As Rhode Island’s unemployment remains above 11 percent and bond traders continue to suck money out of the state, an increasing number of its municipalities face the prospect of bankruptcy. Like Central Falls before them, local governments are seizing on the financial crisis as a pretext to tear up contracts covering workers’ retirement and health insurance benefits.
While the “Obama Recovery” continues to funnel profits into the pockets of the wealthy, Rhode Island’s official unemployment rate increased from 11 percent to 11.1 percent in March, the Rhode Island Department of Labor and Training announced last week. The state lost 600 jobs from February to March.
The state government has responded to the economic crisis by cutting local aid to cities and towns by more than 20 percent since 2008. Providence, the capital, lost more than $50 million in state aid over the last four years.
While Rhode Island’s wealthier suburbs are still able to support themselves with property tax revenues, the same is not true in its cities. This month, a Public Policy Issue Brief published by the Rhode Island Public Expenditure Council (RIPEC) reported that in the “urban core” property taxes accounted for less than half of municipal general fund revenues in 2010.
As a result, local governments are forced to borrow money on the bond markets even as their ratings are lowered, in some cases to junk status. In March 2011, the city of Woonsocket issued $11.5 million worth of bonds—equal to about 7.5 percent of its total fiscal year 2011 expenditures—just to pay off bonds it had issued the previous August. The state government, which still has a higher bond rating, is planning to sell $118.5 million in bonds just to roll over existing debt.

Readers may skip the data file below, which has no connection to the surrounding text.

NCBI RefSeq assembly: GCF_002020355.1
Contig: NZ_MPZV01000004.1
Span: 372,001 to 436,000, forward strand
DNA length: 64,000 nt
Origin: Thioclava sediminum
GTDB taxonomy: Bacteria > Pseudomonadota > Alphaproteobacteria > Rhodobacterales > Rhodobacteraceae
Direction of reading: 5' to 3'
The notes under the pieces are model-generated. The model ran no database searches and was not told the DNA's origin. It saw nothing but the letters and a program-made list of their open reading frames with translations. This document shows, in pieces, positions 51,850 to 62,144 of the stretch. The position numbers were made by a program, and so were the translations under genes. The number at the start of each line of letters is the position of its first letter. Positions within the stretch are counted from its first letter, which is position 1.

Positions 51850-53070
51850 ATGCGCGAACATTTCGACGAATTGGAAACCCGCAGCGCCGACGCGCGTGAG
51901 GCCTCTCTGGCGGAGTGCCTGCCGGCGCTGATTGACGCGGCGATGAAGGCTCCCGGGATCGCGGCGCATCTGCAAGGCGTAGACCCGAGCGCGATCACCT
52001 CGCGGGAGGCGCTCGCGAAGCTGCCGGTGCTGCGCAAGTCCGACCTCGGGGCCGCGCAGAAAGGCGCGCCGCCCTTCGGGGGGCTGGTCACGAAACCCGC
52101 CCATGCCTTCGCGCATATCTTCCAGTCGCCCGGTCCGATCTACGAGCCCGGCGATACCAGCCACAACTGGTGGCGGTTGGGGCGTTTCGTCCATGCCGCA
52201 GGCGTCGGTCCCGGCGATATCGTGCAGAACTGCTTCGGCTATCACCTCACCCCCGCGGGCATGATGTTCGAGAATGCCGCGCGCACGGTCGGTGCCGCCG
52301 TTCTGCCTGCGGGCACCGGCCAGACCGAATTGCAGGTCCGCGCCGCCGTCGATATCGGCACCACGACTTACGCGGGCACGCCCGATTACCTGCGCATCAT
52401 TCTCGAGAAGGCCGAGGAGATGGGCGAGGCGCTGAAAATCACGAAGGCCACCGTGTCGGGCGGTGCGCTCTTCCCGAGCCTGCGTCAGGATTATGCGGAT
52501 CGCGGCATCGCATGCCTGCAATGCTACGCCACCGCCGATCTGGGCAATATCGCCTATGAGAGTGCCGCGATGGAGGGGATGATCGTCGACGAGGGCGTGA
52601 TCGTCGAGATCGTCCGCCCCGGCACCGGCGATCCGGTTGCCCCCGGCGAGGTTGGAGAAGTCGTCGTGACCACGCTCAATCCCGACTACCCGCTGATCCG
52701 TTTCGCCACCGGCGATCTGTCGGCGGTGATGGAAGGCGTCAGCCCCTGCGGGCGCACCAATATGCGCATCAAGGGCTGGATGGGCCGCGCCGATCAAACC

The RIPEC brief also looked at four indications that a community is “Fiscally Stressed” or “Distressed”: tax levy as a percent of property value, per capita income, personal income as a percent of property value, and per capita full property value. Using these measurements, eight Rhode Island communities are currently “distressed”: Central Falls, Cranston, North Providence, Pawtucket, West Warwick, Woonsocket and Providence, the state capital.
In March 2011, incoming Providence mayor Angel Taveras appointed a Municipal Finances Review Panel that reported a $70 million deficit in fiscal year 2011 and projected a $110 million gap for 2012. Taveras, a Democrat, reacted by closing five public schools, threatening jobs and cooperating with the unions to cut more than $100 million from workers’ wages and benefits (see “Providence, Rhode Island budget includes mass layoffs, spending cuts”).
Providence has also gone hat-in-hand to the seven largest not-for-profits within its borders—including Brown University—asking them to increase their total payments in lieu of taxes from a paltry $1.7 million to $9 million. The latter figure represents only 10 percent of the property taxes these institutions would ordinarily pay, according to city financial statements.